If the Planned Parenthood Shooter Was Not a “Faithful” Christian, the San Bernardino Shooters Were Not “Faithful” Muslims

If the Planned Parenthood Shooter Was Not a “Faithful” Christian, the San Bernardino Shooters Were Not “Faithful” Muslims December 10, 2015

I recently came upon some rather fascinating statements by conservative commentator Matt Barber. Here is what Barber had to say:

Muhammad taught, and the Quran stresses, that a central tenet of Islam is to convert, enslave or kill the infidel. An infidel is anyone who is not Muslim or, depending on who’s doing the killing, belongs to a different sect of Islam. Those who fall into that elusive, perpetually mute category tagged “moderate Muslim” are also infidels or “idolaters.” They’re bad Muslims, and, so, according to the Quran, not Muslims at all.

. . .

. . . it’s no surprise that there have been nearly 27,500 terrorist attacks worldwide committed by faithful Muslims since 9/11.

There have been zero committed by faithful Christians.

. . .

Indeed, while many may claim to be “Christian,” the word only applies to those who are justified in Christ, spiritually reborn and regenerated through the supernatural work of the Holy Spirit. The true Christian walks in Christ’s steps through faith and obedience.

Terrorism is in direct disobedience to Christ.

Barber claims that there are no acts of terrorism committed by “faithful Christians” because “terrorism is in direct disobedience to Christ,” but that there have been thousands of acts of terrorism committed by “faithful Muslims” because “a central tenet of Islam is to convert, enslave or kill the infidel.”

I found Barber’s claim fascinating because I read it after reading an article that quoted from a Muslim survivor of the San Bernardino shootings. Take a look:

A San Bernardino, California, shooting survivor and her husband are calling last week’s attack “anti-Islamic.”

Anies Kondoker, who is Muslim, is now recovering after she was shot three times during the shooting that left 14 dead and 21 injured, ABC station KABC reported. She hid in a bathroom with coworkers until help arrived, the station said.

Kondoker’s husband, Salihin, told KABC he and his wife are concerned American Muslims could face backlash by those connecting the Islamic faith to terror. The couple wants to remind the public that the attack was “anti-Islamic” and that the shooters were not true believers of the Islamic faith, he said.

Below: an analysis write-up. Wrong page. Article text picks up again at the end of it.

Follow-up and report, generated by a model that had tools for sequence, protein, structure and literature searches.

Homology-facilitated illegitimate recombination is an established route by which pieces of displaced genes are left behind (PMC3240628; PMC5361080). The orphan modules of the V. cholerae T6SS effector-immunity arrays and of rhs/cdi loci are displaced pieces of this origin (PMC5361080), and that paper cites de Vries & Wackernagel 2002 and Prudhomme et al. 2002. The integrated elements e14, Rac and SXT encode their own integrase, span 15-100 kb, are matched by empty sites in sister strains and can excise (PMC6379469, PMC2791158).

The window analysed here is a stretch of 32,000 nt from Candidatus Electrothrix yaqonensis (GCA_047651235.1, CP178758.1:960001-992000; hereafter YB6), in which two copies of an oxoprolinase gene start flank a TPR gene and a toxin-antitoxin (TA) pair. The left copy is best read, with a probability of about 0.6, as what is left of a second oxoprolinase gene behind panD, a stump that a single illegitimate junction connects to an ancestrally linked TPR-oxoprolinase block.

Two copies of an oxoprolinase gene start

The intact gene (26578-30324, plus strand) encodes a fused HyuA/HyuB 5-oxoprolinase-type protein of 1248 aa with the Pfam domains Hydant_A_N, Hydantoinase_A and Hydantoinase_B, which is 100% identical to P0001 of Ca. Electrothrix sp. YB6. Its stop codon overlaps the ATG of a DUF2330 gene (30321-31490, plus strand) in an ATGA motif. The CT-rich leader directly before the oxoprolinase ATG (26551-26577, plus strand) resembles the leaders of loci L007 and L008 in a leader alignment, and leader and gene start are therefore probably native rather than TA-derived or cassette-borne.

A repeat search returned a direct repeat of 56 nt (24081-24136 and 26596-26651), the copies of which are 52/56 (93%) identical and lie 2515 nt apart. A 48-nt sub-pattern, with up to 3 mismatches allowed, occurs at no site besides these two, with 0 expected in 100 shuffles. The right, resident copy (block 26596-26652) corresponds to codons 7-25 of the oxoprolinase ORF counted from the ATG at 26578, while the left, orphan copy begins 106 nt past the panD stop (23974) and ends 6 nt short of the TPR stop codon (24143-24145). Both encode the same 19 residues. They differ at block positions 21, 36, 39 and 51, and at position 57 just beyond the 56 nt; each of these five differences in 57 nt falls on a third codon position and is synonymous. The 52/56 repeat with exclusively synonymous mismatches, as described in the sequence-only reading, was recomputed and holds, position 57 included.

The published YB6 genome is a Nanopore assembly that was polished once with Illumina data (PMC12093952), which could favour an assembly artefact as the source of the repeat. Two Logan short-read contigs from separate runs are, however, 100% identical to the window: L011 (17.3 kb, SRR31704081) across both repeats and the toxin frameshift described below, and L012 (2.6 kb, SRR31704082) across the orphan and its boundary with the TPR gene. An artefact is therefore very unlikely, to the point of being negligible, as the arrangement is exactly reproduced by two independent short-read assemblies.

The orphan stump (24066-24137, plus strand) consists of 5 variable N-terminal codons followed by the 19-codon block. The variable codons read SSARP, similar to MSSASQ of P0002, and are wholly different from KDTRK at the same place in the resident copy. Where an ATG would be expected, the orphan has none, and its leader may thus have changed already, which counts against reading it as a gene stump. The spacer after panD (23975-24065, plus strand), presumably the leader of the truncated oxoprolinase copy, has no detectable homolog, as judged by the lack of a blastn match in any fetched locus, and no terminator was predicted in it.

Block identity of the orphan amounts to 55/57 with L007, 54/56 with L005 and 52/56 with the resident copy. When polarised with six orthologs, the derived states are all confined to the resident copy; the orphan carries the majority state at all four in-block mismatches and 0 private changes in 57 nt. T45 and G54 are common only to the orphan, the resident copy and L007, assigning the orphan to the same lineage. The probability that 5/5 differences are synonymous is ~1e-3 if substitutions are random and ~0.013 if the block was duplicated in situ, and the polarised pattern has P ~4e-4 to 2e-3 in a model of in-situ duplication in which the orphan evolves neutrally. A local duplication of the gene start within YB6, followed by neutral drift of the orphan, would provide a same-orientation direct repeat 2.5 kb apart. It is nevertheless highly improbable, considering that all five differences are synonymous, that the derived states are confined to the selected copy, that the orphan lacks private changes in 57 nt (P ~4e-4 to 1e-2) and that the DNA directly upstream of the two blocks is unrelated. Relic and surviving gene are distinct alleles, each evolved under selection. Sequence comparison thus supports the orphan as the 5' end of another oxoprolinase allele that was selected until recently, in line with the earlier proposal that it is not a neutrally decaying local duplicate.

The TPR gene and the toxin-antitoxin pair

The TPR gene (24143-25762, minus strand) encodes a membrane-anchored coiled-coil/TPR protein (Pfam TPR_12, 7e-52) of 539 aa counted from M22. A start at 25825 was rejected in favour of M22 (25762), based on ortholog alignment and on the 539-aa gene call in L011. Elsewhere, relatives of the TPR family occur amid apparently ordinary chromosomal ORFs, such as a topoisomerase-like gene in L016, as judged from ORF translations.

. . .

Salihin Kondoker, citing the Koran, explained how the attack was against Muslim beliefs, saying, “If you kill one innocent human being you will be charged as if you have killed entire humanity.”

Salihin Kondoker also pointed out that the attack last week and other terror attacks like 9/11 wounded and killed innocent people of all religions, including Muslims like his wife.

The logic here is identical to the logic Barber uses to claim that individuals like the Planned Parenthood shooter are not truly Christian—a true believer in Islam, Kondoker explains, would never kill innocents, and the San Bernardino shooters were therefore by definition not true believers in Islam.

While I appreciate that both Barber and Kondoker oppose violence, I have a problem with the idea that they or anyone else can determine what makes a person a “true” Christian or a “real” Muslim. The reality is that religious traditions like Christianity and Islam are incredibly varied and encompass a wide range of beliefs and practices.

I’m not saying religious believers should never say that others in their religious tradition are practicing or believing incorrectly. Far from it! I think it’s often completely worthwhile and reasonable for a religious believer to work to change the beliefs or practices of others in their tradition. What’s not so reasonable, from my point of view, is to claim that you’re the “real” Christian or Muslim or what have you, and those who practice or believe differently are not actually Christians or Muslims.

But let’s lay all of that aside for a moment and hone in on Barber’s comments. Barber claims that “faithful Muslims” by definition will believe in and practice acts of terror, and that moderate Muslims—i.e. those who, like Kondoker, believe that terrorism is against the Koran—are not in fact “faithful Muslims.” This moves way beyond simply defining your own religion and deciding who should or should not be allowed to wear your religion’s label.

Barber’s insistence that he understands Islam better than Muslims like Kondoker is a growing problem in America today. Too many Americans, especially political conservatives, claim to know what Islam teaches when they clearly don’t. This in turn gives traction to remarks like those made recently by Donald Trump, who called for barring Muslims from entry to the U.S. Too many Americans believe that “true” Islam is violent and medieval and that any claims to the contrary are false and an attempt to mislead.

Having read Barber and Kondoker’s remarks in concert with each other, this is what I’ve learned: If the Planned Parenthood shooter was not a “faithful” Christian, then the San Bernardino shooters were not “faithful” Muslims. I’m sorry, Barber, but you can’t have it both ways.

And I’ll leave you with this, because it seems appropriate:

"Lol I’m trying to convince her."

A Blogger’s Farewell
"Again, Libby Anne:Thank you for your writing these past ten years, and for hosting the ..."

A Blogger’s Farewell
"If we join this discord, what happens on the 8th day?"

A Blogger’s Farewell
"DRONE RIOTS! Production has ceased."

A Blogger’s Farewell

Browse Our Archives

Close Ad